What’s in a name? Well, in the case of the infamous Post Office/Consignia fiasco in the early 2000s, about £2million.

The rebranding was an attempt to unite diverse wings of the business – Post Office, Royal Mail, Parcelforce – under one name and to reflect its expansion on its original core services. As we discussed in this blog earlier in the year, both are strong reasons to consider a rebrand.

However, in less than 18 months, the Post Office had transformed to the hideously unpopular Consignia then restyled again to the more familiar-feeling Royal Mail Group.

It is held up as the absolute epitome of a catastrophic marketing mistake. The Independent at the time called it ‘one of the most disastrous corporate rebrandings ever undertaken’.

BBC business journalist slammed it as ‘A duffer. A howling waste of money’.

A rebrand, whether is it a name change or new logo and design palette is a massive commitment, both financially and reputationally.

A name change particularly will always be controversial so businesses should be prepared for people not to like it. To address this, it is vital to communicate your reasons for the change. People do get used to new names in the end – providing they don’t have negative connotations to latch on to.

These lessons don’t need to follow to the letter, but there are some key messages that the Royal Mail’s rebrand disaster delivered:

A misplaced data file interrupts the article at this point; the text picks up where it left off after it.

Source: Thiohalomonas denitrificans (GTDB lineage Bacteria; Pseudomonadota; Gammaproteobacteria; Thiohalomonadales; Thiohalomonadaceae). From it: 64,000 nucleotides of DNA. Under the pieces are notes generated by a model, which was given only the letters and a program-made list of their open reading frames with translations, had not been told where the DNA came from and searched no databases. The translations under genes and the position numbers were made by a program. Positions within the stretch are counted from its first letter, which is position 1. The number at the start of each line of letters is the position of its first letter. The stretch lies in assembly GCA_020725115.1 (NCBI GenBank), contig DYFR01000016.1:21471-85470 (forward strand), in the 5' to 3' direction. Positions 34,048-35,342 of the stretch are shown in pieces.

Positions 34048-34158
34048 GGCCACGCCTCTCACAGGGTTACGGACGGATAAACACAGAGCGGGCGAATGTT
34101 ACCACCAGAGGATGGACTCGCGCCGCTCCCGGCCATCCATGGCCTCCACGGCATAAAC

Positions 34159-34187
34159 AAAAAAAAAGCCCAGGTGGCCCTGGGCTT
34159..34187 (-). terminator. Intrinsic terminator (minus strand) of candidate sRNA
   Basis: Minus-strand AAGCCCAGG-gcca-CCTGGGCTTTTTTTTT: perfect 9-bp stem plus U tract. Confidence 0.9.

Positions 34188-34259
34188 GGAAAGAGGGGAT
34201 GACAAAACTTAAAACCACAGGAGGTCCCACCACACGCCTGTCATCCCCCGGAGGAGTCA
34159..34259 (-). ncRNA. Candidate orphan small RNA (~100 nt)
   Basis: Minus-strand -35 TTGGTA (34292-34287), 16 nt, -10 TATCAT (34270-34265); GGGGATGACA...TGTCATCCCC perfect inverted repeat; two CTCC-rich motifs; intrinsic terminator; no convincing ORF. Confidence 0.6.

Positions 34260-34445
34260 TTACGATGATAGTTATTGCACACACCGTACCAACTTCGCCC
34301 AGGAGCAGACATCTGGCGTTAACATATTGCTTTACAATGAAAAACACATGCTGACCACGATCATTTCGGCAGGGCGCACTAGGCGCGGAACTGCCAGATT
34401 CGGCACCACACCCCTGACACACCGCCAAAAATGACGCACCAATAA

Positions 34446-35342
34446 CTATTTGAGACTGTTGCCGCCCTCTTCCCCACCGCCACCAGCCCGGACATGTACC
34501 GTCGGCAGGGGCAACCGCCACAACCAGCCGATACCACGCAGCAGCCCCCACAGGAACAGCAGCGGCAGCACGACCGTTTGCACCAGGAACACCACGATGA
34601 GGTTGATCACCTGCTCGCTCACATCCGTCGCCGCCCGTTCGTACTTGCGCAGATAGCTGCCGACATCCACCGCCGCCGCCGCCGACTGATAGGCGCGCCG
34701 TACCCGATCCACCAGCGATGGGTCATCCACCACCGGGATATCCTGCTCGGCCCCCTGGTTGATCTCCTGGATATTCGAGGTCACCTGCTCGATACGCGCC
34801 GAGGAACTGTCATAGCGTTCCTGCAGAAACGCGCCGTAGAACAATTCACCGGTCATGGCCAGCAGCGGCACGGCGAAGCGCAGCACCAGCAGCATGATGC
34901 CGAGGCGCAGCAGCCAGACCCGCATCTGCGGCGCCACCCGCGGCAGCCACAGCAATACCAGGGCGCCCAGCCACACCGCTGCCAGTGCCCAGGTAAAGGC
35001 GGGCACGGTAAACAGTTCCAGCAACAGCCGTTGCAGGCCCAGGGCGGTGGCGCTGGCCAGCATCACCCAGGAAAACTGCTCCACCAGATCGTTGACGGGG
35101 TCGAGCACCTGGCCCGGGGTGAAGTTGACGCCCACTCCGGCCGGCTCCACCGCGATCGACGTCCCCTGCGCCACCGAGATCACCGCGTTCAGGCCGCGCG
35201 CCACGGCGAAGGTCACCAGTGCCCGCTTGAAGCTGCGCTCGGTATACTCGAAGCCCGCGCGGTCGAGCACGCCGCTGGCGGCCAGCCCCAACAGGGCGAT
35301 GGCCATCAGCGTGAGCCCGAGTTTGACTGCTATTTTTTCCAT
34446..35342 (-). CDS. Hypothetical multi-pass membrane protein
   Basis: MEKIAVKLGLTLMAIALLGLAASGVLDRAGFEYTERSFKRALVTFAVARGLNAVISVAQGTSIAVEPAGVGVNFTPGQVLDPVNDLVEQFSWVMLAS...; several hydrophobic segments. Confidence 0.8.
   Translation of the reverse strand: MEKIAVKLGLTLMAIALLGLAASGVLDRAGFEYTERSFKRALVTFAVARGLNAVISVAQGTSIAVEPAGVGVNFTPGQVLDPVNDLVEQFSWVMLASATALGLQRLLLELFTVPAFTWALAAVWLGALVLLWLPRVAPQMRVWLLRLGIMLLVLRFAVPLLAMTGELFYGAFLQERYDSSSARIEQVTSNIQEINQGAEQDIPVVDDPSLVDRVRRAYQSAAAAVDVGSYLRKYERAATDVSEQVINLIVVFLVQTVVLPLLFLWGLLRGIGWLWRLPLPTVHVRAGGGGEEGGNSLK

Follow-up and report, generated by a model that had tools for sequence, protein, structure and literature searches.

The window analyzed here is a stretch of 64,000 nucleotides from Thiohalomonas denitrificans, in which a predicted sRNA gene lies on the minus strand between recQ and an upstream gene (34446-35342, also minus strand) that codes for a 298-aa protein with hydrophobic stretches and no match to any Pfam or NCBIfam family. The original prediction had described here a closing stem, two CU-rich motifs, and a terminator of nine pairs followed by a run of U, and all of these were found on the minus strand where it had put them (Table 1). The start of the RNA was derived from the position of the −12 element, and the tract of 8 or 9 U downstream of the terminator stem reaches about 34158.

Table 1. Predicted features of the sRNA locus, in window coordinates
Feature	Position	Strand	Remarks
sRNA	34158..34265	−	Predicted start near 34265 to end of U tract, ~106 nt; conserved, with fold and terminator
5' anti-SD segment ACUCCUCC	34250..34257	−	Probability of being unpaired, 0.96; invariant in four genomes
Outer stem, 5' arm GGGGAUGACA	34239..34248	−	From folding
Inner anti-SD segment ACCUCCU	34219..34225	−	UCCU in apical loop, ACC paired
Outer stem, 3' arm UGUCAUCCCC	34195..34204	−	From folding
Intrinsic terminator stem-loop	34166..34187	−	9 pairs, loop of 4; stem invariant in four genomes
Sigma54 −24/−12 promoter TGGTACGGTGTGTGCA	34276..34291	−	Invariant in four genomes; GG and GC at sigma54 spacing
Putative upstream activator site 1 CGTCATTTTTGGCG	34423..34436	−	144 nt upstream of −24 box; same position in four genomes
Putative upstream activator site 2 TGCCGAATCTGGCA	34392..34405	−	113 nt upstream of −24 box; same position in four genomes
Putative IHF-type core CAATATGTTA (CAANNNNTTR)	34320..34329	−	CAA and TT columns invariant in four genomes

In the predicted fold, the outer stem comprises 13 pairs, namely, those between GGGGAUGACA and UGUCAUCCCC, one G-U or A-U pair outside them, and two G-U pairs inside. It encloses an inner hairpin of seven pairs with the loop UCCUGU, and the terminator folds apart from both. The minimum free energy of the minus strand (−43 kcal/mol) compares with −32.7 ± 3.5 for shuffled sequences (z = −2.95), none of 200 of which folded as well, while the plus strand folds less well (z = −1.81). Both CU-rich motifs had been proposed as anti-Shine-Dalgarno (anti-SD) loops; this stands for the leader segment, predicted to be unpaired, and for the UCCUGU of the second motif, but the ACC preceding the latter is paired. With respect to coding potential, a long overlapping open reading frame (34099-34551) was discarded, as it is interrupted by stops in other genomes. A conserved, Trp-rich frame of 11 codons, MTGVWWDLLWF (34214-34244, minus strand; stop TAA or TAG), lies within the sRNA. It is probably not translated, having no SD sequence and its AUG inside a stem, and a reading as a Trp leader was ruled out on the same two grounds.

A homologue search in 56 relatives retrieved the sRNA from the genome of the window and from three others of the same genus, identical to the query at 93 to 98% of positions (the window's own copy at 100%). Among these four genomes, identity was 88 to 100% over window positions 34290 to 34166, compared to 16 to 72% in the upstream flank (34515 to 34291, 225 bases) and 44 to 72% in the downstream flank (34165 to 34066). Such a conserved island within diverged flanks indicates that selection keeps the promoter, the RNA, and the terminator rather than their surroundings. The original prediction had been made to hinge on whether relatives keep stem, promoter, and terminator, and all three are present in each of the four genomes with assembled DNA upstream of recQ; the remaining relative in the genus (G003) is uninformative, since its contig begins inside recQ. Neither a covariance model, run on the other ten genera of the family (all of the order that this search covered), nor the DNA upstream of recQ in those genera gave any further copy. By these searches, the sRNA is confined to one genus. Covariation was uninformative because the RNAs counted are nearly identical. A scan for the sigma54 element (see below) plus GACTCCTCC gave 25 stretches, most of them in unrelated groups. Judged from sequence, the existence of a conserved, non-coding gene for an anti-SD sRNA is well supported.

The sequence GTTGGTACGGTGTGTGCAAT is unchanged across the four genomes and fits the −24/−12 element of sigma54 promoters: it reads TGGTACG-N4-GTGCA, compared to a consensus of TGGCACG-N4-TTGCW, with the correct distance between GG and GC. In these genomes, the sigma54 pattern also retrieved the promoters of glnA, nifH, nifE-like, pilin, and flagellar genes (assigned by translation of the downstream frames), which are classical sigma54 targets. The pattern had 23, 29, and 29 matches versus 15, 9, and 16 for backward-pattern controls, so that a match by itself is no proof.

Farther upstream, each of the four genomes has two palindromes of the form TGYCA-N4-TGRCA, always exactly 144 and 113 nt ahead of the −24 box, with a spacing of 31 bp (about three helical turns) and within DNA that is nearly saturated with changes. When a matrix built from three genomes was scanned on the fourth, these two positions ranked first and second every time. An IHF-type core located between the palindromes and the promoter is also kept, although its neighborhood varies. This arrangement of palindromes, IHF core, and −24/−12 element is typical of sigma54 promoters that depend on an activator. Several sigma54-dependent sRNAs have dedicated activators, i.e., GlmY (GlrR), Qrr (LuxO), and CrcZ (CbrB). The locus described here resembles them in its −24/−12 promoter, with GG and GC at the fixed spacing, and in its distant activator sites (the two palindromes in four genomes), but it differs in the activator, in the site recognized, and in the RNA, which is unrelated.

Brand heritage: Don’t throw away good will and good brand recognition without giving a good reason.

Negative connotations: The brand consultancy should have picked up on how much Consignia sounded like consigned to the bin. The press and public certainly did.

Avoid confusion: A rebrand should make things clearer. The new name just left a lot of people saying: “WHAT DOES IT MEAN?”

Strong communications strategy: Consignia had no communications campaign in place to explain the new name and business structure to the public. As a business blogger astutely noted, Consignia was ‘vilified because people hated what it stood for – change without explanation, change without engagement’.

Timing is all: Do not rebrand at a time of turmoil or during difficult trading climate. Unfortunately, the Consignia rebrand coincided with a period of poor performance, strikes, losses and job cuts and, at least, in the eyes of the public, press and some employees became in inextricably linked with the downturn in the company’s fortunes.

Internal management buy-in: The Post Office group’s chief executive John Roberts had said the new name was ‘modern, meaningful and entirely appropriate’ but when Consignia chairman Allan Leighton was quite happy to throw it under the bus when it became expedient to do so. By ditching the rebrand he was putting distant between the troubled times and the business going forward – so not a total commitment to the new name.

In the end with so many factors against Consignia, the ill-fated rebrand was consigned to history.

ATTAIN will give your business the first class branding it deserves. Drawing on a wealth of experience, our studio will push the envelope to create coherent branding for every aspect of your online and offline visual presence. Get in touch on 01942 247884 or info@attain.uk.com